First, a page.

Being the underdog not only causes you to have an excuse to work less, but it gives some people a sense of entitlement to complain.  

"I'm not good so no one pays attention to me."  "No one wants to be my partner."  "No one will ever choose me for their team."  "No one gives me special recognition."

You know what?  The only person who invites people to the pity party is the host- burn the invitations because nobody really wants to come- not even you!

So what if you are (or consider yourself to be) the underdog.  Use it to your advantage.

Work harder.

Train your weaknesses.

Be confident about yourself.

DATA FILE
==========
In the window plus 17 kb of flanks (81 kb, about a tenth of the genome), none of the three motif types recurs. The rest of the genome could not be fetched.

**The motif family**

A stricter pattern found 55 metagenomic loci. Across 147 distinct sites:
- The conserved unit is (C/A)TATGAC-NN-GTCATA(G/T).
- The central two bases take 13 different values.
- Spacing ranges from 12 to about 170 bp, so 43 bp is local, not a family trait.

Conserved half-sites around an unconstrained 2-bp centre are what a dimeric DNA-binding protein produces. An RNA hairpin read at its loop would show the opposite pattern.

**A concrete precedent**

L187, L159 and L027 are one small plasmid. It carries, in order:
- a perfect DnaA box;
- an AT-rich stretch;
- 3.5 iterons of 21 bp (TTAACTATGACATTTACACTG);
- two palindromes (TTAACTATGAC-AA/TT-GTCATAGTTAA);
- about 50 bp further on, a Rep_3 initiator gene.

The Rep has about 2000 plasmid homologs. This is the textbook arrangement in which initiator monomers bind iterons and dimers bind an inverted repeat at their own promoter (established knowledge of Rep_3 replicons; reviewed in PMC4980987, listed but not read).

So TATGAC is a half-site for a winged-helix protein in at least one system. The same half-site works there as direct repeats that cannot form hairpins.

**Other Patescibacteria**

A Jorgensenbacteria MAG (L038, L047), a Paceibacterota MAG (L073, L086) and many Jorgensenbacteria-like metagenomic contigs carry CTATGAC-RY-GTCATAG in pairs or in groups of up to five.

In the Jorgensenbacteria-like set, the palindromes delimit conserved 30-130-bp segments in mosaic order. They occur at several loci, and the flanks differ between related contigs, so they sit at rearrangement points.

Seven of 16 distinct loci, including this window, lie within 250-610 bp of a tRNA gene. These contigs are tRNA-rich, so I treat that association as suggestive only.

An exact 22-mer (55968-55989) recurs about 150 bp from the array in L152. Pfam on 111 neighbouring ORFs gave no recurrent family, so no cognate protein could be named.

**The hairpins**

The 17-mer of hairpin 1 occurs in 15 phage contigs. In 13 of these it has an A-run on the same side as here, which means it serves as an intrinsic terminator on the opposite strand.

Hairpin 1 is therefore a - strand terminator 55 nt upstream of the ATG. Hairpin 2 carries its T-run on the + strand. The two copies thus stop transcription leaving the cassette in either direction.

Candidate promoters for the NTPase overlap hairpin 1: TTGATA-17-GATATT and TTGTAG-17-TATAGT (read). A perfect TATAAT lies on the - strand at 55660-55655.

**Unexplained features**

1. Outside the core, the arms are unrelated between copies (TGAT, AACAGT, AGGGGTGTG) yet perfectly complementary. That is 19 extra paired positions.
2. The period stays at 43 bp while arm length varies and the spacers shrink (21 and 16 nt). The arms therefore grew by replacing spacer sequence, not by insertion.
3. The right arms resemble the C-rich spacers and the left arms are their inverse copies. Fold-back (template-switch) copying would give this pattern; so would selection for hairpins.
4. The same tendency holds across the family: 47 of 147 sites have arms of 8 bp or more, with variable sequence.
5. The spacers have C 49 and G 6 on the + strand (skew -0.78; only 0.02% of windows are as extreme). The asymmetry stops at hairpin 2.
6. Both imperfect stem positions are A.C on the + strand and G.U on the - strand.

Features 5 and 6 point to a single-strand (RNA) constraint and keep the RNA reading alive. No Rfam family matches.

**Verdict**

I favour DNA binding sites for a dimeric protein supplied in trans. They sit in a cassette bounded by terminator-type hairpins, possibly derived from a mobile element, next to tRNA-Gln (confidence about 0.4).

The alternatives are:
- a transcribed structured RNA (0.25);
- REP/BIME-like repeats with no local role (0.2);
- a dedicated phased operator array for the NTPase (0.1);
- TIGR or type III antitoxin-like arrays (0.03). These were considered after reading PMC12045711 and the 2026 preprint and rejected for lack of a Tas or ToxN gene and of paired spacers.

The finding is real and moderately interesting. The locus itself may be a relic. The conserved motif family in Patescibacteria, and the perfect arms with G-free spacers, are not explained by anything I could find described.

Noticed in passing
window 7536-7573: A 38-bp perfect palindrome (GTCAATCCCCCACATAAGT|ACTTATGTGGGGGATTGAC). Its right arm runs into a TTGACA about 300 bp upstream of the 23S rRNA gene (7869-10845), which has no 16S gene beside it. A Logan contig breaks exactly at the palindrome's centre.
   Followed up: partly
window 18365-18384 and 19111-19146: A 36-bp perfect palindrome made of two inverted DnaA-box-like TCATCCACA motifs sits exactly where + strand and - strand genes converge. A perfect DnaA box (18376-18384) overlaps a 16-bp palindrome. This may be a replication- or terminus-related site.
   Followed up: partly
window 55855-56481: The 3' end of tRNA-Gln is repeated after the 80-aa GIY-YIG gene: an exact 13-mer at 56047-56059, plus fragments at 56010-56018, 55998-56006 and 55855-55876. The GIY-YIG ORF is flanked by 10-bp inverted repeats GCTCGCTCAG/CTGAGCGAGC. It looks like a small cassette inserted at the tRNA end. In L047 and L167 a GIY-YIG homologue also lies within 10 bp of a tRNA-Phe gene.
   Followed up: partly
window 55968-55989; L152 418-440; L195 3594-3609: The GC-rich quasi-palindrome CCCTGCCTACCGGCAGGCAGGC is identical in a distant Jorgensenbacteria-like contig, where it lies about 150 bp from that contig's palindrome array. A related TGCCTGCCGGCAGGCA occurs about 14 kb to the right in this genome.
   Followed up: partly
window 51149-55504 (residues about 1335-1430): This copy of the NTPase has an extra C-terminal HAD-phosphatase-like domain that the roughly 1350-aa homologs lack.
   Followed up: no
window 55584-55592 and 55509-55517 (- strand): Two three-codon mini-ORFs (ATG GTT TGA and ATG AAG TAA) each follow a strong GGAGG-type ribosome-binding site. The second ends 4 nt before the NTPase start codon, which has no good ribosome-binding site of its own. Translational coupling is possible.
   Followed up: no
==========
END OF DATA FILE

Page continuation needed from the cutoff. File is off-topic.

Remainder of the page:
The only approval and praise you need to keep moving is your own.  You can cheer for yourself in your head (I do it all the time- it works!).

I think being the underdog is a huge advantage.  When your hard work pays off and you rise above, proving everyone else wrong- the victory party is going to be far greater than that small pity party you've been attending.

It's not going to happen overnight, it's going to take time and hard work- but you do not have to be the underdog.

Show up and get it done!

Friday, November 14, 2014

Get Out of the Ring

I keep finding myself at the end of a boxing match and I've been beaten myself.

I keep noticing many people doing the same thing, it's so easy to win a fight when you are beating up your own self.

Well. I stepped out of the ring.   So should you.

It's just so easy to sell yourself short, to feel like you've done wrong, that you're never going to be good enough.